Greg Abbott, the Republican running for governor, says opponent Wendy Davis' TV ad that uses a wheelchair to represent him is "offensive."
Abbott, who is disabled, talked to the San Antonio Express-News Monday after Davis, a Democrat, defended the ad that has generated a firestorm of debate. He said he didn't think it is going to "sell too well."
The 30-second ad opens with a grainy, black and white picture of a wheelchair and a reference to the 1984 accident that left Abbott paralyzed from the waist down.
The ad begins with the announcer saying, “A tree fell on Greg Abbott. He sued and got millions. Since then he spent his career working against other victims.”
The ad says that Abbott received a judgment of more than $10 million. He then supported limiting legal awards for others while he served as a judge or attorney general.
“Abbott argued a woman whose leg was amputated was not disabled because she had an artificial limb,” the ad says as it cites several cases where Abbott weighed in.
Abbott campaign spokesperson Amelia Chasse called the ad disgusting.
“I think the ad used very clear imagery to exploit Greg Abbott’s disability,” said Chasse, adding it is also misleading. “As the Attorney General of Texas and a Supreme Court justice Greg Abbott has ruled on the law without fear or favor.”
Washington Post called it was one of the nastiest campaign ads ever. On MSNBC Columbia University Prof. Dorian Warren said Davis had blundered.
“What Wendy Davis needs is to increase voter turnout and what we know about negative ads is that they almost always depress voter turnout,” he said.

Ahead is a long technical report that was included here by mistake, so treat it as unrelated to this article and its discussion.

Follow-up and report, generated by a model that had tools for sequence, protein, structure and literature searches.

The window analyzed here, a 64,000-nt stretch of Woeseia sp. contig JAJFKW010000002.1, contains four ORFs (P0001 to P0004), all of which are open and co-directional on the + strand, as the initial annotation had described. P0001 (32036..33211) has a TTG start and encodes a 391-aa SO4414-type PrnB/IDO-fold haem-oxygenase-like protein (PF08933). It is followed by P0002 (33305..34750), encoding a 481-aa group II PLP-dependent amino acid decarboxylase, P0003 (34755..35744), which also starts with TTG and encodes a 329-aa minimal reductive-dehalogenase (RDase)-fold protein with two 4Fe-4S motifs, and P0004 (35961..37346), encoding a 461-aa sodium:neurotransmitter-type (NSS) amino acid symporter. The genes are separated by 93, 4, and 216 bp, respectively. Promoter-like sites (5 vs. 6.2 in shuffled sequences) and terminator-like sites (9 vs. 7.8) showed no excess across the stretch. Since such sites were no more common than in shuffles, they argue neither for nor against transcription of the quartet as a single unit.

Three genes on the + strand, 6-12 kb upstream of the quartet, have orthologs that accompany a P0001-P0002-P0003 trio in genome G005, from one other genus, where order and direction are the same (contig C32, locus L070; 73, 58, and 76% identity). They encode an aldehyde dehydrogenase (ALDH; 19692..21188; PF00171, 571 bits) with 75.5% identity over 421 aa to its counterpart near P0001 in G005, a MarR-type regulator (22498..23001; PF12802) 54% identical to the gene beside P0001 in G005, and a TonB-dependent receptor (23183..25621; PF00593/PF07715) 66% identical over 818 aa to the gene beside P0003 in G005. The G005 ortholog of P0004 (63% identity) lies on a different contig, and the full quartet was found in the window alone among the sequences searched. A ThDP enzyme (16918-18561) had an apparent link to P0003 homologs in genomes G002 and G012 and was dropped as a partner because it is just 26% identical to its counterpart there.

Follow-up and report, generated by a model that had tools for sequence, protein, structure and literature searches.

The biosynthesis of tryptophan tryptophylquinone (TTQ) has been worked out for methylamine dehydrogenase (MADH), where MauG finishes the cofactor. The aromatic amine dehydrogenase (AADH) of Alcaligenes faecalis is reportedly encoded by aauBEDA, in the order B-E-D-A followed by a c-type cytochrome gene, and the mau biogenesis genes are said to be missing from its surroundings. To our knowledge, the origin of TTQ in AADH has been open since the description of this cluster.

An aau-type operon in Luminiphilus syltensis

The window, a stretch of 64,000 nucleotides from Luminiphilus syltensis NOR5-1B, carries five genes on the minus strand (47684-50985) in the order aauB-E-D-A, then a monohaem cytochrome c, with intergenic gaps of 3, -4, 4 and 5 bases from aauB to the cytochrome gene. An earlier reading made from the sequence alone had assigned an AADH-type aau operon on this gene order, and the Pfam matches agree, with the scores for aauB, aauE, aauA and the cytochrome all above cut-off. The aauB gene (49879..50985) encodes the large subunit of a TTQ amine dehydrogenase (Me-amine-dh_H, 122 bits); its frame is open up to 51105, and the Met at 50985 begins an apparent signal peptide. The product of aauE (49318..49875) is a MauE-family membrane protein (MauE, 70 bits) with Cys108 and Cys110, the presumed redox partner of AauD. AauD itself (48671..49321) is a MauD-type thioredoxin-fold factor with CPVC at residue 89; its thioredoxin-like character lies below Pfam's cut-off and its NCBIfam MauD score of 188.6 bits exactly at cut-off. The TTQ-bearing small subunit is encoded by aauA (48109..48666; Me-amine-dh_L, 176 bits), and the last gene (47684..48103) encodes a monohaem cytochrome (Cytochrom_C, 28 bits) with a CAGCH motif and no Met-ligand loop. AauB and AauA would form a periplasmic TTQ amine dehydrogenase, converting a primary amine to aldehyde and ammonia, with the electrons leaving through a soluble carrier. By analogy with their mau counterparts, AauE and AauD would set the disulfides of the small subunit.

But Monday, Davis appeared in her hometown of Fort Worth with three disabled supporters, two in wheelchairs, and said the ad was about one thing- hypocrisy.
“Greg Abbott rightly got his justice why doesn’t he believe a rape survivor or a person with a disability or a victim paralyzed forever should get justice too.”
SMU political science professor Cal Jillson says the Davis’ strategy is a lot like something Republican image-maker Karl Rove might have dreamed up. It targets Abbott’s ability to overcome his disability.
“A Rovian strategy would have been take him on right there in his wheelhouse on his strength and that’s what that Wendy Davis ad did. I think the weight is now that the ad works for the Davis campaign as a policy ad and there's less concern about the wheelchair,” said Jillson.
With the election just three weeks away Davis trails in the polls and needs to get the public’s attention. For better or worse, this ad has done that.